New SEC Regulation Prohibiting Selective Disclosure

October 4, 2000 Advisory


Under the banners of "restoring fairness" to the system and protecting the "integrity of our markets," the Securities and Exchange Commission adopted new rules last month addressing the selective disclosure of material, non-public information by public companies. SEC Release Nos. 33-7881, 34-43154, IC-24599 (August 10, 2000). Regulation FD (Fair Disclosure) takes effect on October 23, 2000.

Summary

Regulation FD was promulgated under the premise that the dissemination of important company information should be made to all investors at the same time. The rule requires any intentional disclosure of material information to be done by means of public disclosure. Selective disclosure is prohibited. If non-intentional disclosure of material information is made, prompt public disclosure of the same information must follow.

Mechanics

The basic rule provides that when an issuer, or person acting on its behalf, discloses material nonpublic information to certain enumerated persons (in general, securities market professionals and holders of the issuer's securities who may well trade on the basis of the information), it must make public disclosure of that information: (a) simultaneously (for intentional disclosures), or (b) promptly (for non-intentional disclosures). Under the regulation, the required public disclosure may be made by filing or furnishing a Form 8-K (through new Item 9), or by another method or combination of methods that is reasonably designed to effect broad, non-exclusionary distribution of the information to the public.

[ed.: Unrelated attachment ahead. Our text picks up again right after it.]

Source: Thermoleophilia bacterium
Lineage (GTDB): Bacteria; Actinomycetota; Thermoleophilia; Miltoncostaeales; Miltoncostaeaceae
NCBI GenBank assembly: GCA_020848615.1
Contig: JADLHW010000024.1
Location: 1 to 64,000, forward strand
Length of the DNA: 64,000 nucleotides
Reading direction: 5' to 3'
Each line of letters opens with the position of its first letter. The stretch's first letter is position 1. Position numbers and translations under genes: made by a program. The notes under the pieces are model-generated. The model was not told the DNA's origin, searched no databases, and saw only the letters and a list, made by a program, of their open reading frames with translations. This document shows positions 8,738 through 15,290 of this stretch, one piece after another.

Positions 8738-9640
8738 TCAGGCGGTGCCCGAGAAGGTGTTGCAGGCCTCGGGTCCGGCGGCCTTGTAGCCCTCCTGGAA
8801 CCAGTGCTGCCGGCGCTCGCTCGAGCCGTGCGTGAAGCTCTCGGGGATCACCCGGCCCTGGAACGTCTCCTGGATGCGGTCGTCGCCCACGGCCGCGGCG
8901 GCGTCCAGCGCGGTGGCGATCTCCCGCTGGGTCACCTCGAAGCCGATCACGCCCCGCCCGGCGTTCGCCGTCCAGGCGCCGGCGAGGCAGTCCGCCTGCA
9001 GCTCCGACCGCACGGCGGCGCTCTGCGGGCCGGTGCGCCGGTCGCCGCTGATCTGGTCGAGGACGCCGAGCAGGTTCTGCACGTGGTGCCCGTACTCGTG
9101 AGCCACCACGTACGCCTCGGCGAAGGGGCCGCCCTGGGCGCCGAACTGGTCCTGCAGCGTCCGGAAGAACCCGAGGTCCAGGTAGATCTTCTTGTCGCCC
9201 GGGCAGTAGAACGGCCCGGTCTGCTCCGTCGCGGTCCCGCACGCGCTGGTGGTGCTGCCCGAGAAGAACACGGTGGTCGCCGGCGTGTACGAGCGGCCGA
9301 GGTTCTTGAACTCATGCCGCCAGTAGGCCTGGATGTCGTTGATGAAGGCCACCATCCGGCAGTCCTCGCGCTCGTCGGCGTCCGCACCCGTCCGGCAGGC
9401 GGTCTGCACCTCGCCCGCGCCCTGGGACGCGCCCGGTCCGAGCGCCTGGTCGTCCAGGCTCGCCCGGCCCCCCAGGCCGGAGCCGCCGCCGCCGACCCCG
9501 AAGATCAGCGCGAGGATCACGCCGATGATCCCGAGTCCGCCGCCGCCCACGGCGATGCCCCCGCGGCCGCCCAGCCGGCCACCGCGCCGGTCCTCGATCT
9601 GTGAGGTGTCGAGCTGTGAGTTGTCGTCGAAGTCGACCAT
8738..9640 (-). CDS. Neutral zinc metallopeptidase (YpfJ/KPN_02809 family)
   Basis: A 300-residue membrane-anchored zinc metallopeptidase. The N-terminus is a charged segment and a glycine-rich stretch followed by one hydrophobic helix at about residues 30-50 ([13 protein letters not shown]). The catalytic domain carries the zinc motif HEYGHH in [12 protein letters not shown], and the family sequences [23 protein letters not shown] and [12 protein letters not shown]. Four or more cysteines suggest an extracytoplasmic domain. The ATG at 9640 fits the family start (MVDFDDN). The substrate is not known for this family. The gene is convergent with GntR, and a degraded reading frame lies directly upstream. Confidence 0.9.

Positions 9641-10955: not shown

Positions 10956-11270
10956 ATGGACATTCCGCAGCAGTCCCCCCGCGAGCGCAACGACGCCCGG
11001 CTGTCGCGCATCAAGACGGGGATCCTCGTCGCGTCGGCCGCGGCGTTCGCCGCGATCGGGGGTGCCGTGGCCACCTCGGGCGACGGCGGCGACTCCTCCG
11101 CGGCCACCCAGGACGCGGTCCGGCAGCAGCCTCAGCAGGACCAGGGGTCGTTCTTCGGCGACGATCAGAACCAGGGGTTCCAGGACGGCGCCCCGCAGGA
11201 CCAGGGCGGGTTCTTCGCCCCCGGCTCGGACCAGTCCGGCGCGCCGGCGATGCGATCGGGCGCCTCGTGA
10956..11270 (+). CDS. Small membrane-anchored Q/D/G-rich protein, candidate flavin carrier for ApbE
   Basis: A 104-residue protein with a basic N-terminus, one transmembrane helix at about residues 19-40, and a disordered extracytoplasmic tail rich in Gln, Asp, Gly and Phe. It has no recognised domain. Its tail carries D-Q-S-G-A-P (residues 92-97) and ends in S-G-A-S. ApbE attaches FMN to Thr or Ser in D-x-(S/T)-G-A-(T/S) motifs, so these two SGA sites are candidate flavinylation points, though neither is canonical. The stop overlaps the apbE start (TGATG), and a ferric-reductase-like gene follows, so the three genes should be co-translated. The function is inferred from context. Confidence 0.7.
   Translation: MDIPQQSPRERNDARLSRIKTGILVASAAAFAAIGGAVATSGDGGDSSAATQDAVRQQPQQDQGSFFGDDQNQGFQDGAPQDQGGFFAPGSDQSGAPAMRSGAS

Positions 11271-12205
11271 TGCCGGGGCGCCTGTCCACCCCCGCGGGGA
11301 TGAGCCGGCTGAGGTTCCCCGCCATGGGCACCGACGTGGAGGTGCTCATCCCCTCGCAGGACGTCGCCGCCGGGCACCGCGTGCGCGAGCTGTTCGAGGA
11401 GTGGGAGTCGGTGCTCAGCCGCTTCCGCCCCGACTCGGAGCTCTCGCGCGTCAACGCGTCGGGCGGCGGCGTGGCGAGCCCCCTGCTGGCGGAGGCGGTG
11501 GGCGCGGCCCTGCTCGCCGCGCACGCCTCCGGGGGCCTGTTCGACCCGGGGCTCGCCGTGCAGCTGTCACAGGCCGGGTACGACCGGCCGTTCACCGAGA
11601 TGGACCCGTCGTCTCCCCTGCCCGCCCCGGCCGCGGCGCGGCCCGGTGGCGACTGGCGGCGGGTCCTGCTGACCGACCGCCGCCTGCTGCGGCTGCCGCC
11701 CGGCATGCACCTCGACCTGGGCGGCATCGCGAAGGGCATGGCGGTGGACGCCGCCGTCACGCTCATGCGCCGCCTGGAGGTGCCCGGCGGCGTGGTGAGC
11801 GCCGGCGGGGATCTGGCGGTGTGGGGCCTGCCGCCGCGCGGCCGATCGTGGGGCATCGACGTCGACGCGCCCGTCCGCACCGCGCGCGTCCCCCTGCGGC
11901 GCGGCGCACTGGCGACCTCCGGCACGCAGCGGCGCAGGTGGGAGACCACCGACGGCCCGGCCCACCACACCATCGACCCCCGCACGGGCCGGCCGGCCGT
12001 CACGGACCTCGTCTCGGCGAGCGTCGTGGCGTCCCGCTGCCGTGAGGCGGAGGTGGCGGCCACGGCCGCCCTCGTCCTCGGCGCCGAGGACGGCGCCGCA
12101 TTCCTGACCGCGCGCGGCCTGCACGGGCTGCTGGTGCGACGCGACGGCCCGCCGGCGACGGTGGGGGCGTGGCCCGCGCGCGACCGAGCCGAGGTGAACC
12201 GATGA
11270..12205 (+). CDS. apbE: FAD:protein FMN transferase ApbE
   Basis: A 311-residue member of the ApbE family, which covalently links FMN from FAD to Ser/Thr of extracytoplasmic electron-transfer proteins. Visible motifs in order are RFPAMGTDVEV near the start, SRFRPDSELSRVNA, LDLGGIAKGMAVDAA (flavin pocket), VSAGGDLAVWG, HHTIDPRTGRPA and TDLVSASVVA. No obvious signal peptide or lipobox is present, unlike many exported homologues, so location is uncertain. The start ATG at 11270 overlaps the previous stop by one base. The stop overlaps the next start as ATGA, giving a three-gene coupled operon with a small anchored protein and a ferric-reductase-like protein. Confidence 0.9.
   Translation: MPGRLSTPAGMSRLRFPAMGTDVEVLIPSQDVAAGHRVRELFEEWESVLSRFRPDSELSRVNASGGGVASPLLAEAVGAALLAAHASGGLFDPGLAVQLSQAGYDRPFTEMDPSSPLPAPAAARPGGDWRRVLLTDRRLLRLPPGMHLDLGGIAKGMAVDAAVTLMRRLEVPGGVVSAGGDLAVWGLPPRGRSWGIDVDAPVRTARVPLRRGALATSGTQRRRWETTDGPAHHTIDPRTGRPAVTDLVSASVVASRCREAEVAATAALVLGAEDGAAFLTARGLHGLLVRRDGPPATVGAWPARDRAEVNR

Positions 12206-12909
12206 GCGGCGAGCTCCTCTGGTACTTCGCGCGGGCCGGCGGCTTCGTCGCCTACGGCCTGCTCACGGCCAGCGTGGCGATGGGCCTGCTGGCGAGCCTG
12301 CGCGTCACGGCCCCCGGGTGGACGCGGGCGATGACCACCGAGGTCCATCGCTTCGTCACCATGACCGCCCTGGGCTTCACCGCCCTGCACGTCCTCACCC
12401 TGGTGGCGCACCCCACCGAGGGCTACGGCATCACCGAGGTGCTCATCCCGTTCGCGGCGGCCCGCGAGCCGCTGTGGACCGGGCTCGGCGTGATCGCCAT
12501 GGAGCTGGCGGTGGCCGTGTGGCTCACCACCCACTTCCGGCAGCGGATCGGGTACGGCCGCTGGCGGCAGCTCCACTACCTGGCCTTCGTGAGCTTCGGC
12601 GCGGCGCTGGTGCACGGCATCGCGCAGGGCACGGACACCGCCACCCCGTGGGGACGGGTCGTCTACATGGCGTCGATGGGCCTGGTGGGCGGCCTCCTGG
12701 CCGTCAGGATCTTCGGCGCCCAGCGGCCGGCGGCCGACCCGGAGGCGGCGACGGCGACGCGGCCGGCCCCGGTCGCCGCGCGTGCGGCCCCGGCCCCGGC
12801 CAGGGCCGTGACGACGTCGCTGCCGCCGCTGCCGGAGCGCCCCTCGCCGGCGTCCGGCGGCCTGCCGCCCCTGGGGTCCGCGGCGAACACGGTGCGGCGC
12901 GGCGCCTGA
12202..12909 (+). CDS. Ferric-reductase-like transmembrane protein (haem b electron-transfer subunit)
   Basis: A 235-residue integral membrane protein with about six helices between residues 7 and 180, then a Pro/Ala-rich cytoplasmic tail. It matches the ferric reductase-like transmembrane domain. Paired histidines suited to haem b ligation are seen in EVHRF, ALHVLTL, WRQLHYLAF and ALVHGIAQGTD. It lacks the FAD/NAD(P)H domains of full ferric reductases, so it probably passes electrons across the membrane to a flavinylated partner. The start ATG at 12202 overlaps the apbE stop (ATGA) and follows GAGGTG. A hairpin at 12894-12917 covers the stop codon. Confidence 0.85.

"Issuers" can disseminate material non-public information through parties such as officers, directors, employees or agents of the company while acting within the scope of their authority. The "person acting on its behalf" language addresses the situation when an agent of the issuer, who is authorized to speak with the media, analysts, and/or investors, makes selective disclosures and not to the case where the agent discloses such information for his own benefit.

The regulation does not define the terms "material" and "nonpublic." Instead, it relies on existing definitions of these terms established in case law. Information is material if "there is a substantial likelihood that a reasonable shareholder would consider it important" in making an investment decision. To fulfill the materiality requirement, there must be a substantial likelihood that a fact "would have been viewed by the reasonable investor as having significantly altered the ‘total mix' of information made available." Information is nonpublic if it has not been disseminated in a manner making it available to investors generally.